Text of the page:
Siva Vaidhyanathan: What we might lose from YouTube to GooTube

October 26, 2006

News:  New York University Professor Siva Vaidhyanathan writes this probing article discussing what might be the fallout from Google’s acquisition of YouTube.  He writes:

“I suspect that we will look back on the heady days of anything-goes-user-generated content with much nostalgia. That does not mean that YouTube will change radically over night. Nor does it mean that YouTube will cease to be the major site of user-posted-and-created video clips. It just is unlikely to be quite as noisy and silly.

“It’s not that YouTube now must behave like a grown up company. It’s more that YouTube is becoming the central battlefield in the next great struggle to define the terms and norms of digital communication. So it’s retrenching in preparation for that battle.

“And every week that ‘GooTube’ grows in cultural and political importance, the more stories we hear of important video clips coming down.”

Analysis:  In the interest of full disclosure, I know Siva and always find his writing to be filled with nice insights.  The same holds true here.  For starters, Siva is quite careful in not exaggerating the extent to which YouTube has changed, post Google-deal — unlike a lot of other more sensationalistic articles out there.  Also, I agree that YouTube is a key battleground “in the next great struggle to define the terms and norms of digital communications.”  That’s 100% right, in my view.

I do disagree, though, with Siva’s suggestion that YouTube should not have removed a copyrighted news clip that discussed Rep. Heather Wilson and her possible coverup of the file of her husband in an alleged sexual abuse of a minor.  The copyrighted clip was posted without authorization of the news station that created it, and, after the news station complained, YouTube apparently removed it.  Siva argues that the use of the news clip was an open-and-shut case of fair use.  I wish the law of fair use were so clear, but, quite frankly, it’s not.  In fact, some case law points against a fair use, although in that case there was a clear commercial use of the video clip.  See L.A. News Service v. Reuters Television, 149 F.3d 987 (9th Cir. 1998).

But I do agree with most of Siva’s discussion of YouTube’s taking down of Michelle Malkin’s conservative video (before the Google deal, discussed here).  It’s good that YouTube allows users to “flag” “inappropriate” content, but, as Siva identifies, the system has its flaws:   “That means that a virtual community enforces community standards. However, YouTube has no mechanism to debate and work through what those standards should be.”  YouTube has said it’s trying to improve the clarity of the standards.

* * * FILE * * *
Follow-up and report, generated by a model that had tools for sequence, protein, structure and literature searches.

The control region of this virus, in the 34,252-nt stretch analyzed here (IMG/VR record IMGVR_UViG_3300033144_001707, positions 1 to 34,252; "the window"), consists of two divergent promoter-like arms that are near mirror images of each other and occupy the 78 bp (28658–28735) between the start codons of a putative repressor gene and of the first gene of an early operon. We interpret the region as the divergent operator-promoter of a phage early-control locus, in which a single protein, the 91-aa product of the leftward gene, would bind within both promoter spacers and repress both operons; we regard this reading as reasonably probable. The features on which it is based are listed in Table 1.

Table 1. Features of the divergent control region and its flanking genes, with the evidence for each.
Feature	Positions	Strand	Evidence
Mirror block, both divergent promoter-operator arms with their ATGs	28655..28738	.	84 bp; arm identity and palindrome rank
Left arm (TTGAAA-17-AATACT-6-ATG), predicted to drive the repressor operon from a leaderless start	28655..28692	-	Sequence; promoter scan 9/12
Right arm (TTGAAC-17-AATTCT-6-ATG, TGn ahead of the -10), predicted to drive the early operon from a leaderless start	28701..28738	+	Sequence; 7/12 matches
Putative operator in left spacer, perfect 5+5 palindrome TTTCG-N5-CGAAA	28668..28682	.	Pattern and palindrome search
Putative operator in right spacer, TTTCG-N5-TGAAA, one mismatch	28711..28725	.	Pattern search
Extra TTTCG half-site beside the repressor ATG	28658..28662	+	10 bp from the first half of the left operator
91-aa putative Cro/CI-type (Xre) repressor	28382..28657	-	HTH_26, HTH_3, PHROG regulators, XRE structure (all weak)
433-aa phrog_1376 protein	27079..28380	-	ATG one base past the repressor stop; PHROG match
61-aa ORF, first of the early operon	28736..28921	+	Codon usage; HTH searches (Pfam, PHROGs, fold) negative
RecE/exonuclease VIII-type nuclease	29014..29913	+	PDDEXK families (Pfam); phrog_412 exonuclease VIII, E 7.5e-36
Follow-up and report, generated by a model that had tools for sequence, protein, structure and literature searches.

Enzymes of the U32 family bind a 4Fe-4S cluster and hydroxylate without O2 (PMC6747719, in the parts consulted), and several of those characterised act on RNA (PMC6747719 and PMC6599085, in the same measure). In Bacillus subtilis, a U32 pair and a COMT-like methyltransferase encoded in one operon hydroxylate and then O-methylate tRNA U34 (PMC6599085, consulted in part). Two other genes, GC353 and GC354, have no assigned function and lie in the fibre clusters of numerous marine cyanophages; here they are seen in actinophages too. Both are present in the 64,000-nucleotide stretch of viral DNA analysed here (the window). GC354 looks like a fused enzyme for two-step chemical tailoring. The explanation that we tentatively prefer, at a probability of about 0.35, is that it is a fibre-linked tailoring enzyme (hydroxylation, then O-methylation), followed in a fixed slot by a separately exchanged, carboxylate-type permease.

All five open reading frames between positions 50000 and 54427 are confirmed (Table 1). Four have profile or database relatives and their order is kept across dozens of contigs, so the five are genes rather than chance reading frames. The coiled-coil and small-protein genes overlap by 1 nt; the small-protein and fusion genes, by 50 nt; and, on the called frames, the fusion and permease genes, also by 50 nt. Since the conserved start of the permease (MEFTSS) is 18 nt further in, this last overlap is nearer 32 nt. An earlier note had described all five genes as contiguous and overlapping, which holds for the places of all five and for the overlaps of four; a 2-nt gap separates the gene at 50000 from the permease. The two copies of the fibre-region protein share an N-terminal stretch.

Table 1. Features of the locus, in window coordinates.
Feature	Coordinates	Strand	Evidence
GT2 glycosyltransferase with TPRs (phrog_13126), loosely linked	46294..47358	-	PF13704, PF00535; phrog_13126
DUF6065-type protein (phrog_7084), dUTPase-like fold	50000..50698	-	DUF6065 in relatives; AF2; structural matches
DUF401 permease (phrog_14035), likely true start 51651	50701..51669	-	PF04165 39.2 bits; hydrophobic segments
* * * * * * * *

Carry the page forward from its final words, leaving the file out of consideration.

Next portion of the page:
There’s a lot more that Siva says than I can do justice to.  So go read the article.  He says it better than I could when he concludes:  “So here is my great hope for the Google-YouTube deal: I hope that Google’s boldness and tolerance immediately changes the culture of YouTube. I hope that the YouTube editors grow more confident and less fearful about what they can contribute to the culture of the Web. Meanwhile, it’s up to us to pressure YouTube and Google to keep the Web crazy, fun, and even a little scary.”

United Talent Agency to troll YouTube for talent — good luck!

October 26, 2006

NewsNYT reports that United Talent Agency out in Hollywood has created an online unit whose task is to troll YouTube and other sites for unknown talent.  Employees in the division will get paid, in other words, to watch YouTube videos all day.  The article reports:

“United Talent’s online division, whose initial staff is three 26-year-old agents promoted from assistant, will operate independently from the main agency, said Jeremy Zimmer, a founder and director of the company. Defying industry conventions, agents will welcome unsolicited submissions (preferably as Web links), show existing clients’ output on a new agency Web site and be free to sign clients without the approval of the more-established departments.”

Analysis:  I’m all in favor of discovering unknown talent through the Internet.  But have you watched some of the videos on YouTube?  Needle in a haystack.

Truthiness report: YouTube has not turned evil

October 26, 2006

News:  Countering some of the recent anti-You Tube press reports, Charles Arthur of The Guardian restores some truth in reporting:  “The truth? YouTube hasn’t changed at all, only people’s perceptions or expectations of it. The company states in its user agreement that uploading copyrighted material is illegal, and a similar warning appears before you upload a clip. But of course, fewer than 1% of its users upload anything. No wonder they don’t know. ”

Analysis:  One thing I’ve learned over the past month in reading dozens and dozens of news articles about YouTube:  there’s a lot of questionable, if not downright bad, “journalism” out there.  Legal issues are often reported with a very thin understanding of the law, while a good number of articles tend to accentuate whatever can generate readers — that typically means something bad or dramatic.  I hate to sound like some radical or curmudgeon, but it’s sometimes hard to find good journalism in the media.  That’s why I think this whole blogging phenomenon has taken hold.